The job of financial planners is to help their clients save money, invest money, and grow money. But though financial planners are involved with recommending securities, they are not the same as stockbrokers. And though financial planners may direct their clients’ finances, financial planners are not accountants. Here we will take a closer look at the differences between the roles and focuses of financial planners, stock brokers, and accountants.
The most common credential financial planners obtain is their CFP (certified financial planner) designation. The CFP indicates that the financial planning professional who obtained it has passed a set of rigorous tests and commits to acting in a professional and ethical manner. They also agree to periodically obtain continuing education credits by taking classes designed to help them stay abreast of relevant financial matters.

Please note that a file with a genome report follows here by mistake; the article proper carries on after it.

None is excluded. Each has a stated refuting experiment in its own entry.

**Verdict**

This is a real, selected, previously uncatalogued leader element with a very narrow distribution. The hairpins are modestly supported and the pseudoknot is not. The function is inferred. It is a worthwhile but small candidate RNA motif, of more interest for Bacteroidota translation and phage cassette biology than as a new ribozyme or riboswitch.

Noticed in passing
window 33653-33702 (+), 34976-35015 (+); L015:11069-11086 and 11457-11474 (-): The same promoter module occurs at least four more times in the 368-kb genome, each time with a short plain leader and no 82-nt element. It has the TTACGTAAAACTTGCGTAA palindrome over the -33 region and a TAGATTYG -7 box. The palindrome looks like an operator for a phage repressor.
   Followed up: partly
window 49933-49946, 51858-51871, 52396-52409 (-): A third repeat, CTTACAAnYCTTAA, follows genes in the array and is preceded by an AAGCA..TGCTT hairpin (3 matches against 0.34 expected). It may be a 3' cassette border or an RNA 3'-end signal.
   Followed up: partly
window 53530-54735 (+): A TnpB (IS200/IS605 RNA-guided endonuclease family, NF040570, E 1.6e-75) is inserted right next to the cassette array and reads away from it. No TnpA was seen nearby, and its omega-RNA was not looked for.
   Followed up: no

Financial planners, unlike stockbrokers, have your overall economic picture in mind. So while a stockbroker is more concerned with helping you make a profit or prevent a loss through buying and selling certain kinds of securities and options, he or she does not take your overall financial picture into account. Therefore your stockbroker is unlikely to say “don’t invest your child’s college fund in that stock because it’s too risky.” It’s simply not their job to worry about such considerations. On the other hand, it is a financial planner’s job to take such considerations into account.
A financial planner is unlike an accountant in that accountants generally do not concern themselves with how to generate income or prevent loss. Accountants typically work to account for funds which have already been allocated and to provide an easy to understand representation of such funds, including taxes. So while an accountant is primarily only concerned with the dollars and cents of what’s going in and what’s going out, their job is not to help a company meet desired or projected income, or to help prevent loss.